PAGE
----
Peter Hanlon and his colleagues studied 493,737 participants in the UK biobank. They found that features of phenotypic frailty were associated with mortality and that the association was more remarkable in younger people. They also identified five long-term conditions related to phenotypic frailty: multiple sclerosis, chronic fatigue syndrome, chronic obstructive pulmonary disease, connective tissue disease, and diabetes.
The ageing process is subject to much research, and Susan Howlett and colleagues have reviewed this recently in the context of frailty. Their review covers ageing in different body systems and differential rates of ageing within the human population. It also states, “Frailty is not a disease, but it profoundly influences disease expression.” This indicates that people with Alzheimer’s are more likely to show a cognitive loss if they are physically frail. They also make the vital point that the prevalence of frailty is strongly affected by lifestyle and social factors.
Frailty and rehabilitation.
This part considers two questions: does frailty impact rehabilitation, and is rehabilitation helpful for people deemed frail?
I searched PubMed (rehabilitation AND frailty), and no trials investigated prospectively whether frail patients benefited from rehabilitation, such as reducing the rate of subsequent morbidity or institutional care. I assume that, in the absence of any evidence to the contrary, frail patients can and probably do have a better outcome if they receive expert rehabilitation input. This is because other patients with deteriorating conditions or long-standing disabilities nonetheless benefit.
In contrast, many observational studies have investigated the impact of frailty on outcomes after rehabilitation compared to people who were not frail. As one would predict, frail patients tended to have worse outcomes. For example, Schuijt et al. showed that, for patients admitted with a hip fracture, “The frailty index can be used to predict discharge destination from both the hospital and rehabilitation facility, 90-day mortality, and return to home after rehabilitation.” and Low et al. found premorbid frailty was associated with less good outcomes after hip fracture.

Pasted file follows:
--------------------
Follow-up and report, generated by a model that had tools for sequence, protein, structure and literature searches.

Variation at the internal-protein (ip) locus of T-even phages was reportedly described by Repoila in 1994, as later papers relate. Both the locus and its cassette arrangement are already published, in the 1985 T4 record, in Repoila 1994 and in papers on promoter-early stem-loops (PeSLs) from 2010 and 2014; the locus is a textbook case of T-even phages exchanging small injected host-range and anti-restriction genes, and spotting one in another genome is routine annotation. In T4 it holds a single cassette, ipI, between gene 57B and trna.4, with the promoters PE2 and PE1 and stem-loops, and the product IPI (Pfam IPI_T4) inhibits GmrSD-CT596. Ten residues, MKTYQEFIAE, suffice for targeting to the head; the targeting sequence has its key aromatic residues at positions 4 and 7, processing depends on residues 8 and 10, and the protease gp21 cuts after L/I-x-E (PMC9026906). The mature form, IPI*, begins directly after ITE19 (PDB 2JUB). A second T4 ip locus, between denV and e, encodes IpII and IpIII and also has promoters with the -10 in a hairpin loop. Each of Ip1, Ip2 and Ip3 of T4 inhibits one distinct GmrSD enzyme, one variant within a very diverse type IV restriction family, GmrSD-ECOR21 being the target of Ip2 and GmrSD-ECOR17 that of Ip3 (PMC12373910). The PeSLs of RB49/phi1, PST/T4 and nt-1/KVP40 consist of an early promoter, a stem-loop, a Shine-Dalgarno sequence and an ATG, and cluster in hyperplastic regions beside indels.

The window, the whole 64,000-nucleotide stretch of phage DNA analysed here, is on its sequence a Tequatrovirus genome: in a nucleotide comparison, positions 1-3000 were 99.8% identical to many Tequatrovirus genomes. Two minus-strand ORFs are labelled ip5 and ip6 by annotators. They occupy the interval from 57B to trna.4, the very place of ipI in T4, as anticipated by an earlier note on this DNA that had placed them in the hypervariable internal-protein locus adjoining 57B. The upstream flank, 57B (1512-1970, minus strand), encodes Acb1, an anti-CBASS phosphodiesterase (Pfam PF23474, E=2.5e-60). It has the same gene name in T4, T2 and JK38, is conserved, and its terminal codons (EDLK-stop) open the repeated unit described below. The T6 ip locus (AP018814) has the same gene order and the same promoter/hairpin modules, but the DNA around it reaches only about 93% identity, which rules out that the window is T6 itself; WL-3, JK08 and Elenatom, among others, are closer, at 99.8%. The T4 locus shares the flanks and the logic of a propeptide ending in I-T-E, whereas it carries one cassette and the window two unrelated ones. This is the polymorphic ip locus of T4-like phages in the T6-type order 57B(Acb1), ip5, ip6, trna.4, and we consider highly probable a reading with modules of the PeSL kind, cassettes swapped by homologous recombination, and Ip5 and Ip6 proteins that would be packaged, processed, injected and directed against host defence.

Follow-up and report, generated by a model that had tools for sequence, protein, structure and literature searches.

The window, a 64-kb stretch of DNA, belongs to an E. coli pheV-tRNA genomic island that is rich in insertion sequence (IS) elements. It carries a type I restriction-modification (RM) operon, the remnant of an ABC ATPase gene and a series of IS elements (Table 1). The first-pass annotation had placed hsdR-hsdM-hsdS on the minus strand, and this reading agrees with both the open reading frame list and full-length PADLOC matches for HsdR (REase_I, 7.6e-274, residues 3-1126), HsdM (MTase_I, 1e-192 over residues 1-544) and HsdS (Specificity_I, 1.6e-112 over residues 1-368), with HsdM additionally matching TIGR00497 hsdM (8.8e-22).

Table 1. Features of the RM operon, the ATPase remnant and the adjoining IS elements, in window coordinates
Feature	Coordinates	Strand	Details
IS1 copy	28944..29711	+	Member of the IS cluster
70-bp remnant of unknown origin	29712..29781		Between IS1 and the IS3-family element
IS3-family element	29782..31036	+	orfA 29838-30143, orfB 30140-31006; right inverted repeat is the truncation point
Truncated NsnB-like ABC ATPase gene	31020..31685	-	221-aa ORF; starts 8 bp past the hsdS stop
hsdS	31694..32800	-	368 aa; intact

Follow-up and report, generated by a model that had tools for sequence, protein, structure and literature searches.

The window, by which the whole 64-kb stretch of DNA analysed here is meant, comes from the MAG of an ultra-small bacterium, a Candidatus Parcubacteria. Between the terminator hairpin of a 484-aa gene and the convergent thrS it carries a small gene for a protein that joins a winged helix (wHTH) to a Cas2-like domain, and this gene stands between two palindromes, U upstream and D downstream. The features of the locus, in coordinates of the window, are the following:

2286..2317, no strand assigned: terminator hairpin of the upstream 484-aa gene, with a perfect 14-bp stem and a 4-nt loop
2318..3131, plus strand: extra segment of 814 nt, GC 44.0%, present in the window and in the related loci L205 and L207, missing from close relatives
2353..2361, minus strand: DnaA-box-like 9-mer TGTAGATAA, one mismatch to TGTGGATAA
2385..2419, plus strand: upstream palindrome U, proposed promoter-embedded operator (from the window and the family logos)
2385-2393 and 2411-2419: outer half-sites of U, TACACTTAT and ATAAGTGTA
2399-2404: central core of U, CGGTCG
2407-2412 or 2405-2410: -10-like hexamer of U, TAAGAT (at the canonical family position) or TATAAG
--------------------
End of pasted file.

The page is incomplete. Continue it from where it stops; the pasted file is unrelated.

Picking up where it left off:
Nonetheless, Low et al. advised against concluding that frail patients should not receive rehabilitation, suggesting instead that “the presence of these factors should be used to enhance discussions with patients and families to manage expectations better and facilitate discussions regarding goals of care and discharge planning.”
Another interesting study by Sabrina Kohler and her colleagues investigated the inter-relationship between resilience, frailty and outcome. They found that frailty and resilience were inversely related (higher resilience, lower frailty) and that frailty was associated with worse outcomes in people with higher frailty, whereas resilience had no association with outcome. This contrasted with another study by Guilia Rebagliaiti and her colleagues, who found that resilience may have moderated the association between frailty and outcome.
In healthcare, frailty means that a person is more fragile, more likely to be precipitated into a crisis by a relatively small situational change and is expected to have a less good outcome than other people in a similar situation. Describing someone as frail implies a prediction of their future either in terms of risk or in terms of outcome.
Frailty is not a categorical state. Everyone lies on a spectrum of risk and the likelihood of a less promising outcome, and frailty encompasses the lower end with more risk and less good prognosis, but there is no boundary. Artificial boundaries can be set, but one can only draw limited clinical conclusions because all research-based findings are probabilistic, with little predictive value.
Third, one must distinguish between risks and outcomes that apply solely to the person’s bodily functioning and those influenced by other contextual factors. For example, the available support network, housing, and poverty will strongly influence institutionalisation but will have a much less strong association with mortality.